Posted by Jennifer | Posted in Current Blog 2012 | Posted on Sun,01-08-2012
There is way too much to report on in depth from 2011 (this post is long enough as is) but I thought a post about what was accomplished and some stats from the past year might be fun. Also, 2012 has kicked off with a bang and I’m really excited about what the next year has in store for the farm.
While we did have chickens before and were testing the pastured poultry waters, we didn’t officially started raising chickens out in the pasture on a considerable scale until May so I’ve broken the 2011 stats into pre and post chicken farm.
2011 Slow Food Farm Stats
(January 1st – April 30th)
(May 1st – December 31st)
|Meat Chickens on Farm||~144||~7,577|
|# of Chickens Processed||~140||~5,912|
|Feed Purchased||6,000lbs||65,500lbs (seriously!)|
|Vodka Consumed||~1.39 gallons||~16.01 gallons|
|# of Blog Posts||11||12|
|Hours of Sleep/Night||8||5.42|
|# of Nervous Breakdowns||0||2.5|
|# of 100+ Degree Days||0||97|
|Times Pooped On||2||69.28|
|# of Times Jennifer Cleaned the House||28||2|
No doubt we had a hell of a year and, assuming we find it impossible to block out the memories from 2011, it will always stand out as the year of the chicken. And drought. And heat. Here is the full farm scoop broken down by animal:
At some point in 2010 we decided raising chickens out in the pasture in Central Texas would be a good idea. In 2011 we started getting about 50 meat birds every three weeks until May. Then we started getting in 200 meat birds per week until we increased to 250 per week at the end of September.
An amazing amount of infrastructure to support the pastured poultry operation was installed, including the brooder (which is being overhauled in 2012), processing shed, 12 portable coops.
Somewhere along the way we went from all-night processing to being able to knock out 100 birds in an evening. We figured out how to keep birds alive in the heat and now we’re figuring out how to do it in the wet and cold. Our personal chicken consumption has sky-rocketed and we’ve both been covered in more blood, poop, sweat and all kinds of other gross things than we ever thought imaginable. Some tweaking was in order but it feels like 2011 was just one big, flawed crash-course in pastured poultry production. Our learning curve will always be vertical but 2012 is promising to be a much better year in regard to the chicken.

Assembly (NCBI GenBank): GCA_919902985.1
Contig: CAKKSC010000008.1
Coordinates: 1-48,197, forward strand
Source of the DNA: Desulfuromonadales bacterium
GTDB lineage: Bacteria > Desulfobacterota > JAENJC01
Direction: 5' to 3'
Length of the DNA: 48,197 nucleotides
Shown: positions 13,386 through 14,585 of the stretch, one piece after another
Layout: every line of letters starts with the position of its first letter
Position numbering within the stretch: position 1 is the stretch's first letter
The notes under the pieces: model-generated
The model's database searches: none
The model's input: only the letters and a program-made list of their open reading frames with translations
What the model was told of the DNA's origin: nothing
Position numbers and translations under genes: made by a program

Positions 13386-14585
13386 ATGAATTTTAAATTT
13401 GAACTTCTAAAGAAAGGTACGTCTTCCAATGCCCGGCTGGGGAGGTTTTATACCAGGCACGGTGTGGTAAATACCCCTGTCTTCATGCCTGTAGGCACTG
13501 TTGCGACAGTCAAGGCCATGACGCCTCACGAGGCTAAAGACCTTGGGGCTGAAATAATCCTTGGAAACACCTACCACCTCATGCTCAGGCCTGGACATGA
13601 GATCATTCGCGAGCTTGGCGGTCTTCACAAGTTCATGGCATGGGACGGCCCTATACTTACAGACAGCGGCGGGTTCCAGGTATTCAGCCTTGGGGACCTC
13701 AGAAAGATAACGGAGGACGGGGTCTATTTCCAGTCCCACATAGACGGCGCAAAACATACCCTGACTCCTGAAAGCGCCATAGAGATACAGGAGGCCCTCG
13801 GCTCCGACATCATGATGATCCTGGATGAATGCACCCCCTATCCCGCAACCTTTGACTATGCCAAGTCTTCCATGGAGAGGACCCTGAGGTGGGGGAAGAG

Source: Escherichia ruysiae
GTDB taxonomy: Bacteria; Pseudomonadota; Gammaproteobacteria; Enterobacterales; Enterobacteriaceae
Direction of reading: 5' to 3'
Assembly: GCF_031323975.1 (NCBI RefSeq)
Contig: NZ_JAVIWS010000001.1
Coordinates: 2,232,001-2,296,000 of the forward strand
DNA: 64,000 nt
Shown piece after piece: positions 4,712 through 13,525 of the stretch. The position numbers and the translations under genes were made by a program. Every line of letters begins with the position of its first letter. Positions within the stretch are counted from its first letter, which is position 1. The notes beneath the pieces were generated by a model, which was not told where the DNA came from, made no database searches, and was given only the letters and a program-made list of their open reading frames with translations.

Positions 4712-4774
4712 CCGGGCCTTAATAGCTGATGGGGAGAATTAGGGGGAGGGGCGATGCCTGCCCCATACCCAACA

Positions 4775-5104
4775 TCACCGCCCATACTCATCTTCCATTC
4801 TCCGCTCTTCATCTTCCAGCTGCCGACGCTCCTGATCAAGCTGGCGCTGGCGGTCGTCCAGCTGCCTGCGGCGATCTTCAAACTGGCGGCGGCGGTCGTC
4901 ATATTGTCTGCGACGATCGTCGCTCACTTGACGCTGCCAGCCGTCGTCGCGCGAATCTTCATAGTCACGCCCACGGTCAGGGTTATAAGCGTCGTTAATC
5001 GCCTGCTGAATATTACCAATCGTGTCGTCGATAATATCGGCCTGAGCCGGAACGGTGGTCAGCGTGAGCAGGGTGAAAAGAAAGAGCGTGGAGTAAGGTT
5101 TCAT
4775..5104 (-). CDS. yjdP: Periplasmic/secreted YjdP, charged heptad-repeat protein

We’re excited to have friends/farmers/co-conspirators Ward & Jill Taylor entering the meat bird world this year and we’re finding our groove in the market together. This year we can be found at The Mercantile at Dyer Dairy, our first commercial customer and a loyal one to boot, who carries our chicken in Georgetown. Bastrop Producers Market stocks it in Bastrop and now we have chickens available retail in Austin at Boggy Creek and Green Gate. Anyone preferring to buy direct from the farmer can find Jill or myself manning our booth at the Bastrop Farmer’s Market on Saturdays from 10am to 2pm or at the Lakeway Common’s Market on Sundays from 9am to 1pm. Of course we also have farm direct sales still.
Organic certification is on the horizon too for the early part of 2012 thanks to the help of a friend kind enough to tackle the stack of organic applications/paperwork. New for this year too we’ve switched to soy-free feed at the prompting of some of our favorite chicken consumers. The birds we’re processing now are soy-free feed finished and in about six weeks any Slow Food Farm bird will be soy-free.